NATALIE ALLEN, CNN ANCHOR: Let's here from our senior Washington correspondent, John King, who is with the Gore campaign in Washington -- John.

JOHN KING, CNN CORRESPONDENT: Well, Natalie, this is as much of a political calculation as a legal calculation. Remember, right now, we have lawyers fighting, the Gore campaign saying they're being treated unfairly. Their calculation here is that while they didn't get an injunction from this Judge Lewis this morning, that he was sympathetic, and that in his ruling he did not have the authority to order the secretary of state to extend the deadline, but if you keep reading, that it would be arbitrary for her not to consider results filed later by those counties.

So the Gore calculation is this: that she will certify the results today and that Al Gore will lose the state of Florida. But they're hoping at least three of those four counties go ahead: Miami- Dade, Volusia and Palm Beach County. More than a million votes cast in those three counties. They are hoping those hand recounts continue. The vice president makes up more than the 388 or 400 or so votes he is behind now. And then those counties come back to the secretary of state and try to file their results.

If the secretary of state says no then, it will not just be the Gore campaign complaining they think. They think they will be able to go back to a judge and have a Florida judge saying the Florida secretary of state is acting inappropriately. That takes the politicians out of it. That, they believe, is the stronger position to be in, in the court of public opinion, which is very important now here as this drags on, because the fear of the Gore campaign, even as they argue they are right on the facts and right under the law, is that the public will grow tired of all this and want an end to this.

So what they're trying to do is have a process unfold in which they hope the vice president will pull ahead, they hope then the secretary of state will accept those results, and if she does not, they will go back to a state court judge and say, you say she should consider these results, it is your duty as a judge now to tell her to consider these results. Very complicated here, but every legal step along the way, politics factored in as well -- Natalie.

ALLEN: Sure. And does the Gore team feel like that these hand recounts will take place in Dade and Palm Beach Counties?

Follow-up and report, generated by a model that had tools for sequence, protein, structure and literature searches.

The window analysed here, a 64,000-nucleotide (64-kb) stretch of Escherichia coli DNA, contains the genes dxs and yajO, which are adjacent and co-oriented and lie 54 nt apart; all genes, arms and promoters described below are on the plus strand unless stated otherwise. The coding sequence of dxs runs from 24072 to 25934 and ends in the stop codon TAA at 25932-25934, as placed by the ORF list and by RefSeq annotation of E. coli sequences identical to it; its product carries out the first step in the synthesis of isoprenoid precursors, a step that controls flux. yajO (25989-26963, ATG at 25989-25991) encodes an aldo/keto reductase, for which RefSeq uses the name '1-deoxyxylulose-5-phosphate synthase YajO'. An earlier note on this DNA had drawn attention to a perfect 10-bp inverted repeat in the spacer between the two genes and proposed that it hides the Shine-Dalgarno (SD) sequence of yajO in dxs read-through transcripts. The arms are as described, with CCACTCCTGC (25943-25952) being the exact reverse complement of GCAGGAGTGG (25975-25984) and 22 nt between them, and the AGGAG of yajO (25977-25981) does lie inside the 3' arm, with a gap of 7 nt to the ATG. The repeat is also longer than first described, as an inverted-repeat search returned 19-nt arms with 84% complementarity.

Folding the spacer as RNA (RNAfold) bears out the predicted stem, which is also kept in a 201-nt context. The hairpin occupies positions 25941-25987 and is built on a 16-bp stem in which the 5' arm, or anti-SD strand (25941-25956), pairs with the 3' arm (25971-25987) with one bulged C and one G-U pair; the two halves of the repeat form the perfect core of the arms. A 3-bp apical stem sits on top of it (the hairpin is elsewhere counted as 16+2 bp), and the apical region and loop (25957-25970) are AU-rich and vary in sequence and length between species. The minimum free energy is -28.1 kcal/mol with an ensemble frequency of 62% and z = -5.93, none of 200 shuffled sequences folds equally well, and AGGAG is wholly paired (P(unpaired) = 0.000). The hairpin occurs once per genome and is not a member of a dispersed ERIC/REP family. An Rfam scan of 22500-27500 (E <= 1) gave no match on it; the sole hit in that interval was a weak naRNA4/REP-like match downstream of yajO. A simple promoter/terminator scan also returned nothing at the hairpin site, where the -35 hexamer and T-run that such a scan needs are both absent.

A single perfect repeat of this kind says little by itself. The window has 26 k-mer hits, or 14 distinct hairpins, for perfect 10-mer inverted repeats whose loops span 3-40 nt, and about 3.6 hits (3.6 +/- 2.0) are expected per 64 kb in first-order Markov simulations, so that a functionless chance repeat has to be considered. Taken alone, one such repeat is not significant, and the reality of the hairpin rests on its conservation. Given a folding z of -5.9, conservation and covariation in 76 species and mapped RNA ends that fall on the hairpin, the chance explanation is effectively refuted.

KING: Well, in Miami-Dade County, a decision just in the last short time to start with a partial recount. What most of the counties do when they do this is they count a limited number of precincts first and then they see if there is a discrepancy between the results initially reported in those precincts and the results reported through the manual recount, and if there is enough of a discrepancy, then they go forward with the broader hand recount. So, a partial process to begin in Miami-Dade county. Of course, as Greta was mentioning, a legal controversy over whether to do the process in Palm Beach County at all. Volusia County coming to near the conclusion of its process.

Again, add it all up, the vice president hoping for enough votes to pull ahead, hoping to create a political environment -- remember, yesterday they came out playing hardball, saying Secretary of State Katherine Harris was a close associate of Governor Jeb Bush, went to New Hampshire and campaigned for Governor George W. Bush, trying to create the environment in the court of public opinion, again, that this is a Republican appointee trying to rush this election to judgment. So, every legal step along the way, the public political argument factored in as well.

ALLEN: And does the Gore campaign have a certain day they would like to see these hand recounts completed?

KING: Well, certainly they think it would be cleaner, if you will, if all of them were completed in time for this coming weekend. It is Friday when you must count those overseas absentee ballots, so then by Saturday you would have the final certification of the election under normal procedures. But because of all the delays, because of all the fits and starts over whether to conduct these recounts, whether the counties have the authority to have the recounts, the legal fights in the county courts over how to proceed with the recounts, nobody is certain you can have it done. Again, it's more than a million votes, I believe, if you just do the three counties of Volusia, Miami-Dade, and Palm Beach.

Now, Volusia is almost completed, so hard to say if they could get it done by Friday, but at least in public, you heard former secretary of state, Mr. Christopher say, we believe this could be done in a matter of days, the last thing they want to do is send a signal that this will go on for week's more. So, they hope to have it done by the end of this week, if not, by early to middle of next week.

ALLEN: John King in Washington.

Thanks, John, and now over to Lou.

WATERS: There is one thing we can be sure of in this story is another development anytime soon. We are expecting the first reaction from the Bush campaign to the circuit court judge's ruling down there in Tallahassee. Mindy Tucker, the Bush campaign's press secretary will be stepping before the cameras very soon. Within the -- within a half hour or so we are also expecting the Florida secretary of state, Katherine Harris, who is at the center of this decision by the judge this morning, also expected to step before cameras in Tallahassee.

We're continuing to cover the election story. Who will be the next president of the United States? It seems like we're getting closer to knowing the answer. We'll be right back.